Desperate Kiwis are queuing at hospital pain clinics because they can't afford the dentist - and health bosses are now backing free dental care.
Waitematā District Health Board wants a "comprehensive dental service for all New Zealanders", its chief executive confirmed to the Herald.
The position comes amidst growing concern among health workers about people who can't afford hefty dentists' bills and live in chronic pain as a result, with some resorting to gruesome "DIY dentistry".
The issue has been outlined in recently-published minutes from Auckland and Waitematā DHBs' community and public health advisory committee.
There are long queues at hospital pain clinics for temporary fillings or teeth extractions, the meeting noted, and people are turning up at emergency departments because of dental pain.
Members discussed whether the health boards should call on the Government to provide subsidised or free dentistry.
In response, Waitematā DHB chief executive, Dr Dale Bramley, told the meeting the Ministry of Health was "already considering how the dental service could be included in the public health service, and that the DHB boards should support".
A resolution was passed by the committee, recommending the DHBs "support a comprehensive dental care access for all New Zealanders as part of public health system".
Bramley told the Herald on Sunday Waitematā DHB "would support a comprehensive dental service for all New Zealanders and we will help to support the Ministry of Health in any deliberations they may have on this matter".
However, Grant Pollard, the ministry's group manager for population health, denied any current work on possible changes to publicly-funded dental care.
"Though this may be looked at again following the outcome of the health and disability sector review," Pollard added.
That wide-ranging review of the entire health system is chaired by Heather Simpson, a former chief of staff to Helen Clark. An interim report is due by the end of July.
Any move to provide more subsidised or free dental care would carry a huge cost. Currently, about $198 million a year is spent on oral health services, with most covering universal services for children and teenagers.
Adults must pay the full cost, and bills can run into the thousands of dollars.
Kiwis without enough money live in chronic pain that affects work, quality of life, and mental and wider health. Gum disease increases the risk of heart disease, and poor oral health increases the chances of bacterial infection in the bloodstream.
About one in three New Zealanders have untreated tooth decay, the last comprehensive oral health survey in 2009 found. Almost half of adults had avoided routine dental treatment in the previous year, because of cost.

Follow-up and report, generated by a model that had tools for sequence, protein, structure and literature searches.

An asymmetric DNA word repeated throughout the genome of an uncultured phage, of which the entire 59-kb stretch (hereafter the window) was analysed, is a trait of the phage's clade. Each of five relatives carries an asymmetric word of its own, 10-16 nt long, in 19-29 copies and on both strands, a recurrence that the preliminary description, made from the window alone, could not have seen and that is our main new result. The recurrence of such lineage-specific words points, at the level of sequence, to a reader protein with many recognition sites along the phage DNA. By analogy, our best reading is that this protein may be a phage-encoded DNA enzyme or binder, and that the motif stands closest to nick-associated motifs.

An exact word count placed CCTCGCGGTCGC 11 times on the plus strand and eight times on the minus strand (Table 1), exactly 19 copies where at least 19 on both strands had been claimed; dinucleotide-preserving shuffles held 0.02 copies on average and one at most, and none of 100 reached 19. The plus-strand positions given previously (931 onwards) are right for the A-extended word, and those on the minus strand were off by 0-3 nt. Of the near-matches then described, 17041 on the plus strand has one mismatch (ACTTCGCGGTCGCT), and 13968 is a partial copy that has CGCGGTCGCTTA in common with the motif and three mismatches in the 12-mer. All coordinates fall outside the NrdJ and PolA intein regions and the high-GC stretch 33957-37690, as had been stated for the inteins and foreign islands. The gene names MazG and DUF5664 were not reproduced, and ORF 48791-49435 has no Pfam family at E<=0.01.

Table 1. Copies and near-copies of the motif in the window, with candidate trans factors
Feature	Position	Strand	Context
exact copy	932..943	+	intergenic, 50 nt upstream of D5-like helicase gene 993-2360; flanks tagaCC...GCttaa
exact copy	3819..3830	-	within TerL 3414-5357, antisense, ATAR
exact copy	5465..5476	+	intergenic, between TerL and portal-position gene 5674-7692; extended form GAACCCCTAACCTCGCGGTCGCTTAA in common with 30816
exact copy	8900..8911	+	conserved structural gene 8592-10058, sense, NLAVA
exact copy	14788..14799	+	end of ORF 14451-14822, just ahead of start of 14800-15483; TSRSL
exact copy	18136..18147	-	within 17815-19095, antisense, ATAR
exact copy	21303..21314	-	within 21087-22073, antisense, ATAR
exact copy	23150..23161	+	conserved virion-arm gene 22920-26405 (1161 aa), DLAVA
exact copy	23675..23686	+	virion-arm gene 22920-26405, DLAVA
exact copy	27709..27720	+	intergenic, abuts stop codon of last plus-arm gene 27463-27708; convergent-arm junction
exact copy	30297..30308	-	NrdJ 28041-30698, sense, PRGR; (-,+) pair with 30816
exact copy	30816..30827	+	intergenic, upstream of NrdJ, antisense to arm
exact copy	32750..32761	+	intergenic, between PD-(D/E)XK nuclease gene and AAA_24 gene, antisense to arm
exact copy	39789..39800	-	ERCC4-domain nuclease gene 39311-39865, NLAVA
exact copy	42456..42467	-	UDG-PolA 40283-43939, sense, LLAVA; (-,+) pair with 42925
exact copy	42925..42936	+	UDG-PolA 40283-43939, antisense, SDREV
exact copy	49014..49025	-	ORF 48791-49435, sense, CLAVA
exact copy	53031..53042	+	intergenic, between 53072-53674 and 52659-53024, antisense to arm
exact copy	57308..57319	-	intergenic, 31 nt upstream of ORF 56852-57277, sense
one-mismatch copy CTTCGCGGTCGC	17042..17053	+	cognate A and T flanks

Health Minister David Clark said there was "huge unmet need in dental care" - but there wouldn't be significant reform this side of the 2020 general election.
"We have people struggling with third world health conditions as a result of bad dental hygiene and inability to access the care and treatment they need," Clark said in a statement.
"Longer term, I do have ambitions to make dental care more affordable and accessible. However, it's unlikely we'll get significant change over the line with that this term."
Hamilton dentist Dr Assil Russell launched a petition last year calling for a subsidy for dental care for at-need people and an increase in the age for free dental care to 20 years.
Russell's charity Revive a Smile has treated almost 10,000 patients free of charge, including those with bad infections, and broken and rotting teeth.
One patient suffered four years of terrible pain before ripping off the top of a wisdom tooth using pliers, and then using a knife to try remove infected tissue. Pain continued after his botched DIY effort, and only stopped after he was treated for free through Revive a Smile.
Currently, Government-funded dental work for adults is limited to emergency care for pain and infection relief, and Work and Income grants for those on a low income and who are in serious pain and need urgent treatment. Dental care is also given to a small number of hospital inpatients, and work needed after accidents is funded by ACC.
The NZ Dental Association wants more subsidised care for people on low incomes, but not universal access - saying such a step would likely cost more than the annual budget of large DHBs.
The association surveyed members last year and found the average cost for an examination only was $76, a single extraction was $229, and $203 for a two-surface filling. Thirty minutes with the hygienist averaged $110.
Recently former Prime Minister Helen Clark added her voice to the debate, tweeting Jacinda Ardern, Winston Peters and Social Development Minister Carmel Sepuloni: "Time for a major government initiative on the right to dental care. NZ makes hospital care free – why not a right to dental care?"
Mike Bryant, Work and Income regional commissioner, said if people need help with urgent dental treatment, a grant is generally available up to $300, which in most cases didn't need to be paid back.
In 2017, just under 40,000 special needs grants - which can cover other essential items like food and power - were given out, at an average of $277.
"People don't necessarily have to be on a benefit to qualify for this help. Depending on a person's circumstances we may be able to provide further assistance though they may have to pay this back."
The cost of dental work
• Examination only: $76
• Single tooth extraction: $229
• Each addition tooth taken: $138
• Root filling: $735
• One surface filling: $153
• Composite crown: $408
• Hygienist - half-hourly rate: $110
• Full upper and lower dentures: $2557
Source: The average fee charged by NZ Dental Association members, according to the association's 2018 fee survey.